Vocabulary: carrying capacity, density-dependent limiting factor, density-independent limiting factor, limiting factor, population, population density
Prior Knowledge Questions (Do these BEFORE using the Gizmo.)
1. Suppose you had a pet rabbit. What would the rabbit need to stay alive and healthy?
Pet rabbits need food, fresh water, a clean living space, and shelter from the elements in order to stay alive and healthy.
2. A female rabbit can give birth to over 40 baby rabbits a year. Suppose all of her offspring survived and reproduced, all of their offspring survived and reproduced, and so on. If that happened, in only eight years the mass of rabbits would exceed the mass of Earth!
So, why aren’t we overrun with rabbits? What keeps the rabbit population in check?
Several environmental factors, for example limited food resources, keep a rabbit population from growing too large.
A population is a group of individuals of the same species that live in the same area. The size of a population is determined by many factors. In the Rabbit Population by Season Gizmo™, you will see how different factors influence how a rabbit population grows and changes.
1. Select the BAR CHART tab. What is the approximate size of the initial rabbit population? 40 rabbits
2. Select the TABLE tab. Click Play (), and allow the simulation to run for one year.
A. In which season did the rabbit population increase the most? Spring
B. In which season did the rabbit population increase the least? Winter
Get the Gizmo ready:
Click Reset ().
Question: What determines how large a population can grow?
1. Think about it: A limiting factor is any factor that controls the growth of a population. What do you think are some of the limiting factors for the rabbit population? Examples of limiting factors include competition, disease, living space, natural disasters, predation, and unusual weather.
2. Run Gizmo: Select the DESCRIPTION tab. Set the Simulation speed to Fast. Select the GRAPH tab. Click Play, and allow the simulation to run for at least 10 years. (Note: You can use the zoom controls on the right to see the whole graph.)
A. Describe how the rabbit population changed over the course of 10 years. For the first four years, the rabbit population increased in size. For the next six years, the rabbit population stayed approximately the same size.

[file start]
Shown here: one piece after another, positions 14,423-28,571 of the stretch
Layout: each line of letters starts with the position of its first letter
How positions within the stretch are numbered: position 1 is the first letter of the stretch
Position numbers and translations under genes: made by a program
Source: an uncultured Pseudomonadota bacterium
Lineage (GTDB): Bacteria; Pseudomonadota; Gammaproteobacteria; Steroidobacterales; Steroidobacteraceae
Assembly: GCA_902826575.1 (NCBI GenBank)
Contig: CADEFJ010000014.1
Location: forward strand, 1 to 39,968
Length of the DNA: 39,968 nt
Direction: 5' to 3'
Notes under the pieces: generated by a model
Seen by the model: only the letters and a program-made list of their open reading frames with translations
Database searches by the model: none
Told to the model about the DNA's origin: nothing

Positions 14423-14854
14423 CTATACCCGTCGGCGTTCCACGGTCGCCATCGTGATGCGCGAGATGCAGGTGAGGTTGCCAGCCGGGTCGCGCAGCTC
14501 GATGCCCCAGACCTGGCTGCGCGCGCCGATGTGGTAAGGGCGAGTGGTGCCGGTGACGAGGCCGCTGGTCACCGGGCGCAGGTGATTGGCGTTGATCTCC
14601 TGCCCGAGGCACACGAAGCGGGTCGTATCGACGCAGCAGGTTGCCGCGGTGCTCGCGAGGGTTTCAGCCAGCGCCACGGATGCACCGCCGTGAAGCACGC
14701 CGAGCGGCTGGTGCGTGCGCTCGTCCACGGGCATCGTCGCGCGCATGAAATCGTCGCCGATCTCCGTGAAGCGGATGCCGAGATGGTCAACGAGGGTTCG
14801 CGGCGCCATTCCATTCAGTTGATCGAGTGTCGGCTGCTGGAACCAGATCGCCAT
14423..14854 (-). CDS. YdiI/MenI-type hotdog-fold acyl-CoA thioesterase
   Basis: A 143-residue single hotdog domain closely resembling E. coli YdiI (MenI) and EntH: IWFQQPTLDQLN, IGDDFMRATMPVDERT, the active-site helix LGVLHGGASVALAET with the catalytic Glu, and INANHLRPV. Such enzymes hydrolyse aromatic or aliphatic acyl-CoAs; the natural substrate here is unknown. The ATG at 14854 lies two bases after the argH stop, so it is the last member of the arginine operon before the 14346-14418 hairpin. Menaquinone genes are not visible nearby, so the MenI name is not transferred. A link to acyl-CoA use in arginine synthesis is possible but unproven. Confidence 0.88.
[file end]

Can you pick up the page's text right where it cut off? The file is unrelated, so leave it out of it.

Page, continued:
B. What pattern did you see repeated every year?
The rabbit population increased in size at the beginning of the year (spring), and then decreased in size towards the end of the year (winter).
C. How could you explain this pattern?
The rabbits reproduce during the parts of the year when resources, such as food, are plentiful, but when resources are harder to find, such as during the winter, many of the rabbits die.
3. Analyze: The carrying capacity is the maximum number of individuals of a particular species that an environment can support. All environments have carrying capacities.
A. What is this environment’s approximate carrying capacity for rabbits? (Note: Average the summer and winter carrying capacities.) between 350 and 450 rabbits B. When did the rabbit population reach carrying capacity? Explain how you know. The rabbits reached carrying capacity during the fourth year of the simulation. After this year, the average size of the rabbit population does not change much
Density-dependent limiting factors
Get the Gizmo ready:
On the SIMULATION pane, make sure Ample is selected for the amount of LAND available.
Introduction: Population density is the number of individuals in a population per unit of area. Some limiting factors only affect a population when its density reaches a certain level. These limiting factors are known as density-dependent limiting factors.
Question: How does a density-dependent limiting factor affect carrying capacity?
1. Think about it: What do you think some density-dependent limiting factors might be? Density-dependent limiting factors include predation, competition, and contagious diseases
2. Predict: How do you think the amount of land available will affect the
3. Experiment: Use the Gizmo to find the carrying capacity with Ample, Moderate, and Little land. List the carrying capacities below.
Ample: 400 Moderate: 300 Little: 100